Tigers’ newest coach says coaching against his alma mater ‘will be a fun moment’
NEW ORLEANS — As he walked into the Superdome with all the other Clemson coaches for media day at the Sugar Bowl, Todd Bates just smiled a little bit. He was where he always supposed to be.
The difference, however, was the color shirt he was wearing. Back in the day, when he played at Alabama, Bates was wearing a Crimson and White shirt and always dreamed of playing in the Sugar Bowl. This time around, he is wearing Clemson Orange, and he could not be prouder to be coaching in the Sugar Bowl in his first year as a coach at a Power 5 school.
“It has been a blessing man. What can I say,” Clemson’s first-year defensive line coach said.
When Bates played football, he went to Alabama to play in games like the one he and the Tigers will play on Monday night when they face his alma mater in the College Football Playoff Semifinals at the Sugar Bowl.
Bates played at Alabama from 2001-’04 as a defensive end and participated in two bowl games. However, neither one was the Sugar Bowl. Now in his first season at Clemson, he is coaching on staff of the top-ranked team in the country, and of course the team the Tigers are facing is Alabama.
“That is going to be a fun moment,” Bates said. “They are always competing for championships, and if you are here, you are doing the same. That is definitely going to be a great moment when we get out here.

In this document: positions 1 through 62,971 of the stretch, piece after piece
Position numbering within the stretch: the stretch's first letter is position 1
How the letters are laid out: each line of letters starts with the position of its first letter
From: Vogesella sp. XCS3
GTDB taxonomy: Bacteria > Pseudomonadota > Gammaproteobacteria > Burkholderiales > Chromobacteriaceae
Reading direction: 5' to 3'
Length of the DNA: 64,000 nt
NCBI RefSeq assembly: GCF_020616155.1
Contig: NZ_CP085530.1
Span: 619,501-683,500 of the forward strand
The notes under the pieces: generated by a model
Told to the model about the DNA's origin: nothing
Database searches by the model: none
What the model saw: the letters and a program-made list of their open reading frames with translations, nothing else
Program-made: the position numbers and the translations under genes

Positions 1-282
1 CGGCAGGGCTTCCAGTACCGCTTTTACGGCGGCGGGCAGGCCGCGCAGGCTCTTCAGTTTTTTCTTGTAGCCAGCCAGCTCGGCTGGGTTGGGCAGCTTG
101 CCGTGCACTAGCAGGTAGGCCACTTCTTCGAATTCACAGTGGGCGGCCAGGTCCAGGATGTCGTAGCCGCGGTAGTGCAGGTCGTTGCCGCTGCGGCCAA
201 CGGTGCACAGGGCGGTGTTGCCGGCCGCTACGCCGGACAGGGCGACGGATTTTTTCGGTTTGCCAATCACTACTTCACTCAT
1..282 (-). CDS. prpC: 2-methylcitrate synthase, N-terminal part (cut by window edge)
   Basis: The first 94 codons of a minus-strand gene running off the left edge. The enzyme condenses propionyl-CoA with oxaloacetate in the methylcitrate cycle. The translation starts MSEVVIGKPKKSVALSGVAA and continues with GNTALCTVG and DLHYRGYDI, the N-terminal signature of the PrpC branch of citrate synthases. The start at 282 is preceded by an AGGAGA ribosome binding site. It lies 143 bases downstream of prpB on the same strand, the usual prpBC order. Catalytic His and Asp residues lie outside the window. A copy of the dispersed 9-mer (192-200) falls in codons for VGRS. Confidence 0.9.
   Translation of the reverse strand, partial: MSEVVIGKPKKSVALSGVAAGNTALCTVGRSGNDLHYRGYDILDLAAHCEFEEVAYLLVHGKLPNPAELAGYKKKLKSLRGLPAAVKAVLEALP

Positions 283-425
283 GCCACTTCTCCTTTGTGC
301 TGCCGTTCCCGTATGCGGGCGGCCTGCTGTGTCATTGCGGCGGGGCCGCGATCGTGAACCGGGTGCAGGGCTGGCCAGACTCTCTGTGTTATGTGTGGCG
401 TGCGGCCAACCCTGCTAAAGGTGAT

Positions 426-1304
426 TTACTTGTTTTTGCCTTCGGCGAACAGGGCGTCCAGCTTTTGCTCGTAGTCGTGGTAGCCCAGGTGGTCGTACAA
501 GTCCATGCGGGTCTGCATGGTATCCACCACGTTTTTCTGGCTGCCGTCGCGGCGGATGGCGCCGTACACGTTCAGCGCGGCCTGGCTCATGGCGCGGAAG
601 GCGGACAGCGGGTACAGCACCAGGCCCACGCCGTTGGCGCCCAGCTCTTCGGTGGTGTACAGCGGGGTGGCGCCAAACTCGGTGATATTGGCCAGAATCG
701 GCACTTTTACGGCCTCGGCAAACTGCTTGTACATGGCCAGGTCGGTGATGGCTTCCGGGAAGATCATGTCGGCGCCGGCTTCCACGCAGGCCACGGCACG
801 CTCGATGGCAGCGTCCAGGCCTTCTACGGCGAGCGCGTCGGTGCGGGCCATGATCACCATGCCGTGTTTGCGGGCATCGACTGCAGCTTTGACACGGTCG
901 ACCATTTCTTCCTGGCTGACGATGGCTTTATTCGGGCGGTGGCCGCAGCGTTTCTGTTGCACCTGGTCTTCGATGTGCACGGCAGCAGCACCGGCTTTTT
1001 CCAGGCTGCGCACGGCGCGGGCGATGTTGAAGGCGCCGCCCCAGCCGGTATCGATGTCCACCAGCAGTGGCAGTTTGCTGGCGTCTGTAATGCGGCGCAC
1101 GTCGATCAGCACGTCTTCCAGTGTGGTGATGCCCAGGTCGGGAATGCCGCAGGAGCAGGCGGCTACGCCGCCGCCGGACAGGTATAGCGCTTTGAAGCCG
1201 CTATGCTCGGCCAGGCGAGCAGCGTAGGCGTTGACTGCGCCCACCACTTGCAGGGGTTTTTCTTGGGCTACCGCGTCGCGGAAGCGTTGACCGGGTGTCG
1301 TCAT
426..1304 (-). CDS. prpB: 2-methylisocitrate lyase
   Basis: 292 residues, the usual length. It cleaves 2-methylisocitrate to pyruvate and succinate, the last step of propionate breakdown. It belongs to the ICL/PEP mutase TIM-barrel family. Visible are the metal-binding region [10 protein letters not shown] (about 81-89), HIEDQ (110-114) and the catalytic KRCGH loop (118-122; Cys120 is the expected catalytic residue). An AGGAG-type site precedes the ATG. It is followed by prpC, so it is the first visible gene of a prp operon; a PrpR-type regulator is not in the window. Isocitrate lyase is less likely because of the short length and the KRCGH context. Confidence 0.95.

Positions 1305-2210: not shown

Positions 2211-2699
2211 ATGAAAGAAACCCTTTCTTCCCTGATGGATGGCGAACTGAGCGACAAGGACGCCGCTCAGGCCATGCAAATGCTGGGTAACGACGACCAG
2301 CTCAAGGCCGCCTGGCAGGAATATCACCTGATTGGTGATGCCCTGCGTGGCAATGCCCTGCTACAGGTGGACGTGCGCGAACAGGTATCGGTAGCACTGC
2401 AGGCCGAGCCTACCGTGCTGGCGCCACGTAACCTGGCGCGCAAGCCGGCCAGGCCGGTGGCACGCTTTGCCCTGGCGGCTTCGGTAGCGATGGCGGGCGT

“However, you can’t get wrapped up in all of that. You have to focus on not seeing the faces in the crowd. And just focus on getting your guys where they are supposed to be.”
Bates has done a great job of coaching up his players so far. After all, he gets part of the credit for coaching what is known as the best defensive line in the country.
Monday’s game will not be about any of that, though. The Tigers know they have a tall task in trying to beat the Tide when everyone in the college football world will be watching.
“I know our guys see that every day,” Bates said. “We try to be even keel and not let the moment be too big. When I played as a player, I could never see the faces in the crowd. It was 88,000 to 100,000.
“If you see those people, then I think the moment can get too big. But as a performer, you learn to see your assignment. That is what I do. That is what I try to get across to my players.”